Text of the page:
Points on this part of the walk (copy and paste the co-ordinates into Google Earth):

  • Sandbanks:  N 50° 41.150 W 001° 56.800
  • The Haven Hotel:  N 50° 40.990 W 001° 56.840
  • Poole Harbour Entrance and Ferry:  N 50° 40.900 W 001° 56.960

Walk #74 Statistics (of which this post forms the final part):

74b – Bournemouth to Poole Harbour

We had been “stuck” in Bournemouth for ages.  It was as if we had been chained and anchored to the beach, like boats in a bay, but at last we were back; we were ready to slip our chains and catch the tide.  We were looking forward to moving on again and heading out of Bournemouth, so when we saw a sign proclaiming that we were entering Poole we found a new lightness to our steps and a giddiness to our temperament.  It was as if we were drunk on the sea air; the new-found enthusiasm was demonstrated by the bunny-ears which appeared in every group photo taken that day.  This was started by my brother Alex, but as soon as he started everyone else joined in.  Those bunny-ears bred like, well, bunnies!

Welcome to Poole with Bunny EarsAs we walked into Poole we passed a fossilised tree trunk, reminding us that we were about to reach the start of the Jurassic Coast.  The Jurassic Coast is a World Heritage site and a spectacular 96 mile stretch of geological wonderment and beauty.  This stump was once part of a tree that was growing in Portland, 25 miles to the west, some 140 million years ago.  At this time Dorset sat of the edge of a massive freshwater lagoon which covered southern England, the Channel, and part of France.  It was then positioned much further south on the globe than it is today.  It was a much warmer climate and rising water levels swamped and killed the trees.  Heat evaporated the water, and so the minerals in the water became more and more concentrated.  The stumps of the dead trees absorbed these minerals, particularly silica, which preserved them as fossils.

Fossilised Tree StumpThe stretch of coast we were presently on, however, was not the Jurassic Coast.  That was yet to come.  For now, we were in the heart of the Branksome seaside.  Children frolicked on the beach.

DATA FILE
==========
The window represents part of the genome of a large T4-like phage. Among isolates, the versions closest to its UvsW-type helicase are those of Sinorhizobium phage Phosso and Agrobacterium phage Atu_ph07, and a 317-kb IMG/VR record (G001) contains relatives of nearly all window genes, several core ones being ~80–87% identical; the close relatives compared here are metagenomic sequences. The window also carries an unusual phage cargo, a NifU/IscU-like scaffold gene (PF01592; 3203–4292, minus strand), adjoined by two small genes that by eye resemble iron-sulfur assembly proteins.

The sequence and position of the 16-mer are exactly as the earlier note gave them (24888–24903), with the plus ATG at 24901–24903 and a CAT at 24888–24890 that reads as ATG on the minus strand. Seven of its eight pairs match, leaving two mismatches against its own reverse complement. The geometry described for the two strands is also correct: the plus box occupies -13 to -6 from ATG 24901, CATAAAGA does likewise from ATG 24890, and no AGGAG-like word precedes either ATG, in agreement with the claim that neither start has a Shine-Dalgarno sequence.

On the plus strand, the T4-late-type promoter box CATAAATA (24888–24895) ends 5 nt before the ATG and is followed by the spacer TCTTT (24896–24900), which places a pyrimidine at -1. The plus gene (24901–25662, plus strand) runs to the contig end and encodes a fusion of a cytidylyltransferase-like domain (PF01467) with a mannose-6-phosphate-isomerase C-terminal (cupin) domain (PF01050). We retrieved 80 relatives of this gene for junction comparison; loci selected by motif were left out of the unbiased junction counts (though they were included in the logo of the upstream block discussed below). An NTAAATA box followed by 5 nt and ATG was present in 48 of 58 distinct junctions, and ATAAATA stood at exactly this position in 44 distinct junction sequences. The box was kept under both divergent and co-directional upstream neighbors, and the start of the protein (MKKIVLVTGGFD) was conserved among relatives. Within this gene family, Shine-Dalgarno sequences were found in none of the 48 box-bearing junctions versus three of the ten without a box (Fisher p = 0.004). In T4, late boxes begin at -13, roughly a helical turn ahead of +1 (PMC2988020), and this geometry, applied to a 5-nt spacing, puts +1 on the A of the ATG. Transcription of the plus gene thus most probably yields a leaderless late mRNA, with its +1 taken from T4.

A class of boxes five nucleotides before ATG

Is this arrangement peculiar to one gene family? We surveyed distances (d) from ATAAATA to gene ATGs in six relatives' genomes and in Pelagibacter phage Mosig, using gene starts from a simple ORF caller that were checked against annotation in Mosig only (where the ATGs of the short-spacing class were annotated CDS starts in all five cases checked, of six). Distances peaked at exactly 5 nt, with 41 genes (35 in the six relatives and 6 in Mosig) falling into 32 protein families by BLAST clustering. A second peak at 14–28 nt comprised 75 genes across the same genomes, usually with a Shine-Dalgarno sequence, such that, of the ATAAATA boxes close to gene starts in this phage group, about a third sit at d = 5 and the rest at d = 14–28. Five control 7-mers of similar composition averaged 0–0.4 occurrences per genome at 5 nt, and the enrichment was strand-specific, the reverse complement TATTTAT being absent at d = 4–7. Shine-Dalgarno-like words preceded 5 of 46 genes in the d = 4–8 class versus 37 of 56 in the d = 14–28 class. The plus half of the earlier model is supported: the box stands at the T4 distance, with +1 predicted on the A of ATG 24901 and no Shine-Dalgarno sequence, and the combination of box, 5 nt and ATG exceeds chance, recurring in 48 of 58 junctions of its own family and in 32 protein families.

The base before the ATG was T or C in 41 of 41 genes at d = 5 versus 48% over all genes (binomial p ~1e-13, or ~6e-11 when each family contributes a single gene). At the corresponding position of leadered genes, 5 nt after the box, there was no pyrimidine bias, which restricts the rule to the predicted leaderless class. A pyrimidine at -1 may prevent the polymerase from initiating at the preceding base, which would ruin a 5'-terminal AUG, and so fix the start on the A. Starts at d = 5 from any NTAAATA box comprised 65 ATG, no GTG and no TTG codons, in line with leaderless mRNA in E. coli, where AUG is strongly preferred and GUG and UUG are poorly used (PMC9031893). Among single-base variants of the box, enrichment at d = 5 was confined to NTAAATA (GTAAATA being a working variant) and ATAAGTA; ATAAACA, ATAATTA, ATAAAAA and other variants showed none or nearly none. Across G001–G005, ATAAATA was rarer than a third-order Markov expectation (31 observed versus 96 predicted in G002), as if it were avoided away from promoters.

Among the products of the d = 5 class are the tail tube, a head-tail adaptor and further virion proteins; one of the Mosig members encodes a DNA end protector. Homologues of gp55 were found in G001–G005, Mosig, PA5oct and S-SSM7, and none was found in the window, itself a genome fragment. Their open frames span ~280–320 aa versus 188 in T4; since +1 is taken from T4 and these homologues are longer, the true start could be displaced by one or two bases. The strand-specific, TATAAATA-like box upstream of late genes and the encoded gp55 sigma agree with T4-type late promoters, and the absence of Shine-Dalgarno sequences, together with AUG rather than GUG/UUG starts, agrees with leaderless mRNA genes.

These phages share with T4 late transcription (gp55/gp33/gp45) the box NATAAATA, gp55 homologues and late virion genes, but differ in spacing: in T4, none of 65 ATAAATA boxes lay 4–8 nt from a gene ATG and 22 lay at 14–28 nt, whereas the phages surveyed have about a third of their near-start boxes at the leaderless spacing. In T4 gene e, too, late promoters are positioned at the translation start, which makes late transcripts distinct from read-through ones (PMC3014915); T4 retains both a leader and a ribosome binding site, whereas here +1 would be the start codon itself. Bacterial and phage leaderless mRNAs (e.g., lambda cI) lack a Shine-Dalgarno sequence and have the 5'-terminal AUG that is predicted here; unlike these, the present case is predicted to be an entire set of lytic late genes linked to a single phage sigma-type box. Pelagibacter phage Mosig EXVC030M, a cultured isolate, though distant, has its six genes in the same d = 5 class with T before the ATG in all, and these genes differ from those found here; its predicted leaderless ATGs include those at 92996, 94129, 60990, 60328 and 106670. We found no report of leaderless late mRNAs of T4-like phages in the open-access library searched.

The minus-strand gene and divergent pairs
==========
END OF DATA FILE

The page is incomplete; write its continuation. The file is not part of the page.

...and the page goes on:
Beach and Old Harry RocksWaterskiers zipped along close to shore.

WaterskiersAnd as we approached Poole Harbour two rather brave souls dived off a lateral mark close to the harbour entrance.

Going Going GoneI got the feeling we were going to rather enjoy being back on the Coastal Path…

Points on this part of the walk (copy and paste the co-ordinates into Google Earth):

  • Welcome to Poole:  N 50° 42.576 W 001° 54.057
  • Fossilised Tree Trunk:  N 50° 42.422 W 001° 54.469
  • Diving Off the Lateral Mark:  N 50° 40.990 W 001° 56.605

Walk #74 Statistics (of which this post forms the second part):

74a – The Coastal Path gets Back to Business

Over the summer of 2014 we had an enforced absence from Coastal Walking.  Quite what my wife did to her back this time I do not know, but after two months and two weeks we were ready to get going again.

Were we pleased about that?  Yes we were!

Pleased to be Walking Again!Deb would have been jumping for joy too if her back had allowed her to.  You just have to trust me on that.

People were giving us strange looks as we performed for the camera, I noticed, but I simply didn’t care.  I was really looking forward to getting back on the trail.  And anticipation is everything, as you can see from my face in the next photo!

IMG_9814a

Points on this part of the walk (copy and paste the co-ordinates into Google Earth):

  • Jumping For Joy:  N 50° 42.668 W 001° 53.760

Walk #74 Statistics (of which this post forms the first part):

Follow

Get every new post delivered to your Inbox.

Join 452 other followers